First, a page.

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From Lunch Shaming To Freezing Tuition, How Education Fared In The 85th Texas Legislature

Gabriel Cristóver Pérez
First-graders at Ortega Elementary School play during recess in January.

The legislative session just ended this week. After 140 days of proposals, politicking and press conferences, we’re catching up on what actually passed and how it will change Texas.

Perhaps the biggest disappointment of Texas’s 85th Legislature was the demise of a bill that would have added more than half a billion dollars in funding for the state’s public schools.

But a lot of lawmaking did happen on the education front. Reporters from across the state provide the highlights below.

Stopping suspensions of Texas’ youngest students

House Bill 674 bans out-of-school suspensions statewide for pre-K through second grade except in cases involving drugs, weapons or violence. It’s now awaiting the governor’s signature.

Some urban school districts like Austin have already banned the practice among its youngest students. Dallas will implement its own policy next school year.

Hallway rules posted in Ortega Elementary School in Austin.
Credit Gabriel Cristóver Pérez / KUT

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“Our youngest children need to be in school and need to be disciplined in a way that allows them to continue to be educated, as opposed to being in the environment that contributes to their behavior,” said Dallas Democrat Eric Johnson, making the case for his bill on the House floor.

Jalen Hemphill is a coordinator for AVID, the college readiness program at L.V. Stockard Middle School in Dallas. The school changed their suspension policies, and added what’s known as "restorative practices."

Last year, 26,000 students in Texas between 3 and 7 years old were suspended from school.

“Maybe a couple of Fridays out of the month or embedded within a lesson, we would do our restorative circles,” explains Hemphill. “We made sure we had a contract, where each classroom had a contract between the teacher and student on what behaviors were expected and what the students expected of the teacher as well so there was that level of trust that we could all work from.”

He says that since then, Stockard’s reduced not only the number of suspensions but also the number of repeat kids getting suspended. With that result, proponents hope those kind of policies can also reduce suspensions among younger students.

Last year, 26,000 students in Texas between 3 and 7 years old were suspended from school.

An end to 'lunch shaming'

DeSoto Democrat Helen Giddings overcamemajor challenges this session before lawmakers finally passed her legislation to reform public school “lunch shaming.” That’s when schools take a meal away from a student if the student’s account balance has reached zero. Sometimes that means throwing the food out and leaving students hungry and humiliated in front of classmates.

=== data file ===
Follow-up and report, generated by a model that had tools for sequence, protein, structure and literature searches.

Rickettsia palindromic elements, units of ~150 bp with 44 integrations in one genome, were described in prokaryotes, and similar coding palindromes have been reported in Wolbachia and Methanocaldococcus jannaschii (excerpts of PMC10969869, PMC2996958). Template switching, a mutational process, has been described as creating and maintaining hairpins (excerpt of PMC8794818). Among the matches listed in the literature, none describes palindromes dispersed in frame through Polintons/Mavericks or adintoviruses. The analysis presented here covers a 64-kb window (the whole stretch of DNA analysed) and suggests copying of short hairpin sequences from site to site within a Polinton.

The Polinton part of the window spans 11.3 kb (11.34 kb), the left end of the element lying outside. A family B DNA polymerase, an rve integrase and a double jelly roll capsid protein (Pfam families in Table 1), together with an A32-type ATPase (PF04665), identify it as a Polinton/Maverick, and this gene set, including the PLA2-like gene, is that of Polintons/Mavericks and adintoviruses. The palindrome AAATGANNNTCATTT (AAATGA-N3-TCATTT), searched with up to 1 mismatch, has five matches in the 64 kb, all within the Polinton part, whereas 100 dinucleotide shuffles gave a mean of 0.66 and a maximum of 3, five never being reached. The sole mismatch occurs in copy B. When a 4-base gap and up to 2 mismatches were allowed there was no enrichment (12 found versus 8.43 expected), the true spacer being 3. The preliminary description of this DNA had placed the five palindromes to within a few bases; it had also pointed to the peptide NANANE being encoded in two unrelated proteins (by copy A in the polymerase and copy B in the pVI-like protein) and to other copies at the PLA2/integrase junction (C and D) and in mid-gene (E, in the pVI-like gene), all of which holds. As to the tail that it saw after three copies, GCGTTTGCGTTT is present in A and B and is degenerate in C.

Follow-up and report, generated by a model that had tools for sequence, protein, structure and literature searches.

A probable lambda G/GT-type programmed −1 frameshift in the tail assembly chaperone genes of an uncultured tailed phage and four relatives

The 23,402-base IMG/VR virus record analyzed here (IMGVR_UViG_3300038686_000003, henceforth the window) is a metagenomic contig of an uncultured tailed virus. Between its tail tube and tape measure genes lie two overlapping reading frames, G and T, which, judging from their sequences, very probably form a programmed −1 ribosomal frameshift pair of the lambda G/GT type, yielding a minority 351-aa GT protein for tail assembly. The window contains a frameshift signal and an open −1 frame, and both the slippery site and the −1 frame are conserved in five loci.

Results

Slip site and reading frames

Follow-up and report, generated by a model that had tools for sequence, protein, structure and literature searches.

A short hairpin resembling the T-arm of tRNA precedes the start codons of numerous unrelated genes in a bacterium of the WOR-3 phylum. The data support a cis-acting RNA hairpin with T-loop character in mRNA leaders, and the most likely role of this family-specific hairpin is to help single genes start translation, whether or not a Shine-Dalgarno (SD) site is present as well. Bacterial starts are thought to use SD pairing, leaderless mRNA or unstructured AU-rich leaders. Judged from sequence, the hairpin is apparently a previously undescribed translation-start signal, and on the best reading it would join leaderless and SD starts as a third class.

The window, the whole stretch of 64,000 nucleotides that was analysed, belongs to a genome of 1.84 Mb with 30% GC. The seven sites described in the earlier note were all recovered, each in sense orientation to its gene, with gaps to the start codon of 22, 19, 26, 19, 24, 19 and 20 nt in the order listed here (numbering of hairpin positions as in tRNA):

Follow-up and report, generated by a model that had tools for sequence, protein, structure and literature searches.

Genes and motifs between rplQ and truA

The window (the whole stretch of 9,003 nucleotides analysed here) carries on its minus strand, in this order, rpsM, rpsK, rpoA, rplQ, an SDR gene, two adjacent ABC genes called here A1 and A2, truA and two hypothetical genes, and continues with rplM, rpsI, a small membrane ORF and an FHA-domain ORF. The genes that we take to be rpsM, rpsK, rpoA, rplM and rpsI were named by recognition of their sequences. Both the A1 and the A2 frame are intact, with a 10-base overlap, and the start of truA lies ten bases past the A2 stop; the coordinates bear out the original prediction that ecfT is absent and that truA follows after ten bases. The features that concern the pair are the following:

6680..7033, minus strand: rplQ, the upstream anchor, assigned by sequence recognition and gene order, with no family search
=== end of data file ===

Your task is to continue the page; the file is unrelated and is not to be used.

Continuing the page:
Giddings explained lunch shaming to her fellow lawmakers by sharing a painful letter she received from a teacher who witnessed it firsthand.

“One of my 4-year-olds slid her meal tray down to the cashier in order to pay for her meal,” she read. “But instead what she heard was an emphatic ‘You have no money,’ followed by the removal of her meal tray. The student then sat at the table assigned to her class and was inconsolable.”  

Credit Miguel Gutierrez Jr. / KUT
Lunch hour at Austin's McCallum High School in February 2016.

Opponents of the bill, like Freedom Caucus member Jonathan Stickland, said it will cost schools money. The bill died in the House.

But Giddings wasn’t done yet. She figured, there’s more than one way to pay a lunch bill. She partnered with Feeding Texas to create a public crowd-funding website for donations.

Ultimately, the bill did make it through the Legislature last week. Giddings attached it as an amendment to a Senate bill that did made it to Gov. Greg Abbott’s desk. Now, schools will have a grace period policy that will give students more credit or allow a negative balance on their account.

Higher education does better than expected

Texas universities spent much of the 85th legislative session under the threat of steep funding cuts. In the end, they managed to dodge them, but at a cost to students.

The tower at the University of Texas at Austin.
Credit Martin do Nascimento / KUT

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Between 2003 and 2016, tuition and fees climbed nearly 150 percent. Lt. Gov. Dan Patrick responded at a press conference in April of last year, saying, “This has to end. People did not send us here to Austin to allow our universities to raise tuitions five times higher than their salaries.”

Enter Senate Bill 19. The bill would have frozen tuition and fees at state schools for the next four years. With revenues down, there was a strong expectation the budget would slash state spending on higher education as well. The combined effect could have proved devastating for college finances.

Between 2003 and 2016, tuition and fees climbed nearly 150 percent.

“I think the higher ed institutions came out much better than they had anticipated they might,” says state Rep. Donna Howard, D-Austin, who sits on the House higher education committee. She’s pleased that SB 19 died in the House. And she notes that, in the end, the budget included a slight increase for higher ed spending, particularly for community colleges.

“Overall, though, we are still funding all of our higher education institutions at a lower level than previous high-water marks,” Howard says.

And if schools are relieved, students now have even more reason to dread their next letter from the billing office.

The Texas Station Collaborative is partnership among public radio stations across the state, including KUT, KERA in Dallas, TPR in San Antonio, Texas Standard, Houston Public Media and Marfa Public Radio.